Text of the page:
Latina moms are known to offer a wealth of wisdom and advice when it comes to parenting. But as time has passed, so have the parenting tools we need. When we are not flocking to our moms to get her tricks on getting a picky eater to eat their veggies, social media is the next best source of helpful advice from other parents and even celebrities!

Eva Mendes is among the many talented Latinas in Hollywood known for her beauty, fashion, and success as an actress. She is also a mother of two girls, who she shares with her husband, actor Ryan Gosling

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While the power couple have mostly kept their personal lives private, Mendes recently shared a parenting tip on her Instagram account that she learned from teacher and author Katie Plunkett about how to start honest and constructive conversations with your kids using S.O.C.K questions.

If you’re anything like me, this tip immediately caught my attention, and I was ready to take notes!

What are S.O.C.K questions and how do they work?

The Instagram post on S.O.C.K questions explains how questions like “How was school?” tend to be “too big & honestly just too boring to get most kids talking.” Using the S.O.C.K method, the focus is on asking kids specific, open-ended, creative, and kid-friendly questions. 

Plunkett gives some great example questions such as: “Tell me something that you worked on that made you feel proud,” and “What is something you find difficult right now?”

If you think about it, even as parents, when someone asks you how your day has been, we tend to answer with a default, one-word answer: “Good,” even on the bad days.

Maybe we should cut our kids some slack whenever they can’t seem to answer our usual questions

Using the S.O.C.K. method gives kids the opportunity to think about what we are asking. It also allows them to come up with something more insightful to their day than a simple shrug. Okay, there will be days when we will still get a shrug or no answer at all. That’s okay too!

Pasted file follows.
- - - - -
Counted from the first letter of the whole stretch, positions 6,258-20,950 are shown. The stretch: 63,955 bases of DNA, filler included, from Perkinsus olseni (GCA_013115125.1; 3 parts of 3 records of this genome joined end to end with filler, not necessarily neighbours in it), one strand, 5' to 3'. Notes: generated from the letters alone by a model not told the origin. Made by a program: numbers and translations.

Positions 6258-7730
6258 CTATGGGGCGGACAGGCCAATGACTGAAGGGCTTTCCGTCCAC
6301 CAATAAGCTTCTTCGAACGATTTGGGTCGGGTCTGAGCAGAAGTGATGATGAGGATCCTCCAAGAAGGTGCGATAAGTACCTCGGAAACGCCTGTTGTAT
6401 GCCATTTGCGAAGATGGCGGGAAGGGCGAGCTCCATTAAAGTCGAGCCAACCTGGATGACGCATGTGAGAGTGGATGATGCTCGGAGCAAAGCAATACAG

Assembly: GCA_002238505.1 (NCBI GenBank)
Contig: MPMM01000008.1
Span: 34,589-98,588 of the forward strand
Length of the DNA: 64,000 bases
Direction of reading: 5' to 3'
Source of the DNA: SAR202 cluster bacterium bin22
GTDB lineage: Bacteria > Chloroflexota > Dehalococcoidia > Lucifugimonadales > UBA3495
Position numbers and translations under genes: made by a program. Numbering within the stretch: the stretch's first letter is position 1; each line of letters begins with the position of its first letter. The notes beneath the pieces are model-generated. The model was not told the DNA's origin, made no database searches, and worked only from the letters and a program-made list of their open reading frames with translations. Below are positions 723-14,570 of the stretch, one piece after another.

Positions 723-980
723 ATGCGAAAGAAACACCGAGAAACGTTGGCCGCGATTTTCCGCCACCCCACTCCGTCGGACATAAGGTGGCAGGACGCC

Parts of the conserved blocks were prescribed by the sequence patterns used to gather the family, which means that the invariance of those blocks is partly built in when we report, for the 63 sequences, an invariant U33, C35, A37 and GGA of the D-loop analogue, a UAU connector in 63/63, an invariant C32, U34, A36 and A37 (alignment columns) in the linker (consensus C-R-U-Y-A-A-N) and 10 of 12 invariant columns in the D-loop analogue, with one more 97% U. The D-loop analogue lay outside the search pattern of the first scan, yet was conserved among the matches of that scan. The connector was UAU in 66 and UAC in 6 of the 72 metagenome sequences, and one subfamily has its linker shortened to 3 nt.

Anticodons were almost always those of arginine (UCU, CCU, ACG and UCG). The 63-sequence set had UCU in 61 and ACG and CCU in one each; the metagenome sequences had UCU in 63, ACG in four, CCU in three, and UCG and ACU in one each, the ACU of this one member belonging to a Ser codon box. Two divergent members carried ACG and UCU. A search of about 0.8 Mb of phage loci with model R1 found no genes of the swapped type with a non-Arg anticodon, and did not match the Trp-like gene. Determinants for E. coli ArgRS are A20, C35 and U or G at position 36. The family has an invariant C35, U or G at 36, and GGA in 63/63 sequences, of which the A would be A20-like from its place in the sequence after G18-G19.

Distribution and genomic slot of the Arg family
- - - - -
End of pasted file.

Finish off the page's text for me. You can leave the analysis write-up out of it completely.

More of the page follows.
But Mendes’ enthusiastic response of: “Gracias @thecalmclassroom for these superrr helpful tips. They work !” makes me hopeful and ready to try this daily.

Putting S.O.C.K questions to the test

I can safely say that Mendes’ post came at a great time for my family. We were in the middle of those weeks after school ended and before my oldest daughter began her summer program. 

Her father and I still have to balance our time between our jobs and caring for our feisty three-year-old twins. Meanwhile, my 10-year-old daughter tends to keep herself busy with crafts, playing video games, and spending time outside in the yard when the weather permits. 

Even though I have always been big about checking in on her throughout the day, I tend to ask the same general questions: “How was your day?” or “What did you do at Abuela’s house today?.” They are usually met with the same unenthusiastic “good” or “nothing much.” 

While I felt that maybe my daughter just wasn’t in the mood to talk some days, these kinds of interactions really made me feel like I was missing out on huge parts of her daily routine. 

Since learning about S.O.C.K questions, I’ve learned to restructure the kind of questions I ask and how I ask them. For instance, even when I am exhausted after work, I make sure my tone in speaking with my daughter reflects my excitement in listening to her day. 

Because I know that she is always working on different kinds of crafts and artwork, I’ve started asking her things like “Which craft was the most fun to make today?” or “When you spoke to so and so today, what was something they said that made you laugh?”.

Using this tip in daily life with my daughter has helped us both open up to honest conversations 

Knowing our kids’ emotional state is very important to parents, and using S.O.C.K questions has helped me better understand her. Instead of getting a simple reassurance that everything is fine, I’ve gained deeper insight into what my daughter cares about. I now know the things that weigh on her mind and what genuinely makes her happy. 

This is definitely a tip I will be using even after my kids get much older. Because why not make all our conversations fun and meaningful? 

Thank you to Eva Mendes for sharing this wonderful advice. I fully agree that it works!